The areas where general practice is on the brink of collapse
General practice in some parts of the UK is on the brink of collapse. As part of Pulse’s new ’Postcards from the edge’ series, Carolyn Wickware investigates the effect of surgery closures on GPs and patients
Practice closures have reached epidemic proportions across the UK.
Around 1.3 million patients have had to move surgeries as a result of closures over the past five years (see data below).
The pace of closures has quickened, as investment in general practice has fallen and GPs continue to leave the workforce at an alarming rate. Meanwhile patient demand continues to increase.
Last year alone, an estimated 458,000 patients had to find a new GP, after 134 surgeries shut their doors, either through partners handing back their contracts or deciding they were unable to sustain branch surgeries.
Such upheaval was unheard of as recently as 2013, when just 18 surgeries closed. But Pulse’s latest investigation shows another worrying trend: there are certain towns and cities where spates of closures have left general practice on the brink of collapse.
‘The current funding settlement means that most practices are operating on the edge of viability’
Dr Mark Sanford-Wood
These towns are suffering the full force of the domino effect, with a single practice closure triggering more, as the remaining practices are left to pick up the pieces until they can no longer survive themselves.
Local GPs, receiving little support from health commissioners, are having to take it upon themselves to come up with solutions, enlisting the help of MPs, patients and their colleagues in neighbouring towns.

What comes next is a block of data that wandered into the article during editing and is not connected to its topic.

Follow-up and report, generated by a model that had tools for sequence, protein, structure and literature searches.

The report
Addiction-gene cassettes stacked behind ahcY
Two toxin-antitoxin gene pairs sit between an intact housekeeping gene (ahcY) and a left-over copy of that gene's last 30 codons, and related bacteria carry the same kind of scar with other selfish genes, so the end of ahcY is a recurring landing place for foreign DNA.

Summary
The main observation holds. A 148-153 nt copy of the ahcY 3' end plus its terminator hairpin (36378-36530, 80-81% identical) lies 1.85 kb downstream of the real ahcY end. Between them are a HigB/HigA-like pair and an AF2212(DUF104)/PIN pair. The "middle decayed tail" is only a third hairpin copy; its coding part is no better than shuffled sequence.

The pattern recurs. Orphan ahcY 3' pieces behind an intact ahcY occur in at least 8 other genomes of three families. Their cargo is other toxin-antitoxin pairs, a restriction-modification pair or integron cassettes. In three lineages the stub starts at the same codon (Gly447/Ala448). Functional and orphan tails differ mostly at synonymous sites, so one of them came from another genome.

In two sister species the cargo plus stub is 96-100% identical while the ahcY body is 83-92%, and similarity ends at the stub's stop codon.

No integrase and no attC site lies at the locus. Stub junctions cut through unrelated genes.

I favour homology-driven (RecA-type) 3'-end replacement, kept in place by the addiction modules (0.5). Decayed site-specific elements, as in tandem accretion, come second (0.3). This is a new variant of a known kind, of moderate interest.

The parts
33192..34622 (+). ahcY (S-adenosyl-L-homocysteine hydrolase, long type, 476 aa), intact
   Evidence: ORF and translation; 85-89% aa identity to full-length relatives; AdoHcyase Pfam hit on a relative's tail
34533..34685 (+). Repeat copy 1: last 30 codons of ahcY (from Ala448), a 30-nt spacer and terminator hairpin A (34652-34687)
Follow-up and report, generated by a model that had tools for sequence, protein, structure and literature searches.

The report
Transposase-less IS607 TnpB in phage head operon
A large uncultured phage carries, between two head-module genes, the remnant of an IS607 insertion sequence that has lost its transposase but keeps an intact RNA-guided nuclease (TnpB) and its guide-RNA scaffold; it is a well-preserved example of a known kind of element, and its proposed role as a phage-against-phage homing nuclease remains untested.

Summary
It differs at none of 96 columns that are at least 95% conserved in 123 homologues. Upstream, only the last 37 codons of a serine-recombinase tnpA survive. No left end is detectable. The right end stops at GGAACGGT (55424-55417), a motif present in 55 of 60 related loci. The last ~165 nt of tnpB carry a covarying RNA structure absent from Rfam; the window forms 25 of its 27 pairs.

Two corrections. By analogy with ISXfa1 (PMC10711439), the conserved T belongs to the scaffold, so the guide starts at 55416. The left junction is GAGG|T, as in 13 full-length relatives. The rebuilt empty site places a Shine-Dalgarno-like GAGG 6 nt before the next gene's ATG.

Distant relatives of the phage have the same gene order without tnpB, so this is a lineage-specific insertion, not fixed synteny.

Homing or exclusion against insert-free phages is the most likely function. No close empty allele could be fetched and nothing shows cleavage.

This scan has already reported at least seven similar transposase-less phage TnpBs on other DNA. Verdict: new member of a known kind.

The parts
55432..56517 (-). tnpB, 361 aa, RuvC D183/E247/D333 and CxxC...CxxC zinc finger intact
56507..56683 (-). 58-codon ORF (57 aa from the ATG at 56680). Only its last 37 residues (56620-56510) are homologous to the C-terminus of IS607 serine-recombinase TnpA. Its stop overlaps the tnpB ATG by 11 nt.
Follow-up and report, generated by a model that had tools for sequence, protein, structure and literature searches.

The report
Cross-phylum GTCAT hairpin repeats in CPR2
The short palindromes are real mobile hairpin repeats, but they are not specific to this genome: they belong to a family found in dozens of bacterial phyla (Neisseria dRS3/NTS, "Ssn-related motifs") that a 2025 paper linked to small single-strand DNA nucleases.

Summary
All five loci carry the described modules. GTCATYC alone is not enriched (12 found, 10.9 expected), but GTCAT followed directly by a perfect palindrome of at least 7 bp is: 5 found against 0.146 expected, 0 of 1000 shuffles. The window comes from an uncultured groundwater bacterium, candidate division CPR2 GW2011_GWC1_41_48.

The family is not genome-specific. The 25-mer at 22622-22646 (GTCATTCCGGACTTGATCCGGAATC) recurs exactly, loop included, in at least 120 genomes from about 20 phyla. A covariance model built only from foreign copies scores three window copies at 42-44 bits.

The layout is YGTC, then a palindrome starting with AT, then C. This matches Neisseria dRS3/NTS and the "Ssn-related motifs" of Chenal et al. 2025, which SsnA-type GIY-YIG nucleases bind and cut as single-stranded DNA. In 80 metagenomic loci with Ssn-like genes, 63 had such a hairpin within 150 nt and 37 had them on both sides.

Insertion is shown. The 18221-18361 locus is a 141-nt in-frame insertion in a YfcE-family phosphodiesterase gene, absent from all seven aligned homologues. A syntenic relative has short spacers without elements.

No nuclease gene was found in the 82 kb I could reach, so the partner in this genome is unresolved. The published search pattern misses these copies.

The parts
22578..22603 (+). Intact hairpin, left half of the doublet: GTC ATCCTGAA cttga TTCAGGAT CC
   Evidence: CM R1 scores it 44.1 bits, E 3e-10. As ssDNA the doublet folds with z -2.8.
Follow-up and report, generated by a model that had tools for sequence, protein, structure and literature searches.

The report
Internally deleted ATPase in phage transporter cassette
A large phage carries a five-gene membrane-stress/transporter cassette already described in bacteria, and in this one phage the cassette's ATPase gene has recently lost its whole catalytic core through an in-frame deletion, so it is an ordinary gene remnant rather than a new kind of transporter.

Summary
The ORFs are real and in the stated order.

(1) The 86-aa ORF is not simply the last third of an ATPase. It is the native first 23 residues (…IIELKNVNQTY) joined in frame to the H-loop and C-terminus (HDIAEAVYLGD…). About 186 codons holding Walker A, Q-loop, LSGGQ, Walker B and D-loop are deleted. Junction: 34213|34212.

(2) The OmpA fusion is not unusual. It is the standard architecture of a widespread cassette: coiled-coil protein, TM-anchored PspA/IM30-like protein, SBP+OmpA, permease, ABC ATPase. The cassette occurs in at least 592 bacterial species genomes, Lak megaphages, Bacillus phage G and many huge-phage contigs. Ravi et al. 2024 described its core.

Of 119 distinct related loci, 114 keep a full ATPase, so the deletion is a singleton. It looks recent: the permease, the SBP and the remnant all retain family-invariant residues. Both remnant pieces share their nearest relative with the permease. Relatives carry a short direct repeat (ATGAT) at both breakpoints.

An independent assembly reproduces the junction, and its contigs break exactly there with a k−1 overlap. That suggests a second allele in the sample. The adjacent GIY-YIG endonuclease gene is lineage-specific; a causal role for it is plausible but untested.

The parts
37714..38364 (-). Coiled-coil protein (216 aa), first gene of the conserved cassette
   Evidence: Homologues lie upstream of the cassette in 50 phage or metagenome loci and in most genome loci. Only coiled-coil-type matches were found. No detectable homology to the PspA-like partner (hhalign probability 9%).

The affected towns have strikingly similar profiles – they tend to be in coastal or rural locations, with an elderly patient and GP demographic, and a population size that changes according to the seasons.
Most importantly, they are almost invariably areas where it is impossible to attract new staff.
Among these places is Plymouth, where a fifth of practices have either closed or handed back their contract within the past three years, leaving 34,000 patients without a fixed GP.
Local GPs cited a ‘perfect storm’ of increasing patient demand, a deprived area and an inability to recruit and retain staff.
GPC deputy chair and Devon GP Dr Mark Sanford-Wood says that while the situation in Plymouth ‘may be particularly intense’, it should be ‘seen as a warning of what the rest of the country faces without urgent action to address the pressures in general practice’.
‘Without proper investment, the knock-on effects on the rest of the NHS…will cost the Government dearly’
Dr Richard Vautrey
Dr Sanford-Wood adds: ‘The current funding settlement means that most practices are operating on the edge of viability, and unless more is done by the Government and NHS England – which includes addressing the severe recruitment and retention crisis – the scenes in Plymouth could be repeated across the country.’
Indeed, the Plymouth effect is already being felt elsewhere. Brighton has seen nine practices close in the past four years as a result of GPs retiring, PMS contract changes and, in one case, the CQC withdrawing a practice’s registration – the desirability of the town not enough to overcome the effects of elderly and transient populations.
It’s happening right across the UK. North Wales – with its larger-than average elderly population – has been badly hit, with two practices recently shut and another taken over by the local health board.
Two areas in Northern Ireland – Portadown and Fermanagh – are also struggling, while in Scotland the Ayrshire town of West Kilbride has seen numerous practice list closures. Elsewhere, Essex and Cumbria, alongside many other areas, face their own mini-crises.
Commissioners are well aware of the problems. In the devolved nations, health boards have had to step in to take practices over – in Portadown, an unprecedented move even saw the local trust awarded the first APMS contract in Northern Ireland.
Read all our ‘Postcards from the Edge’
And there have been attempts by NHS England to rescue vulnerable practices, in part to pre-empt the domino effect.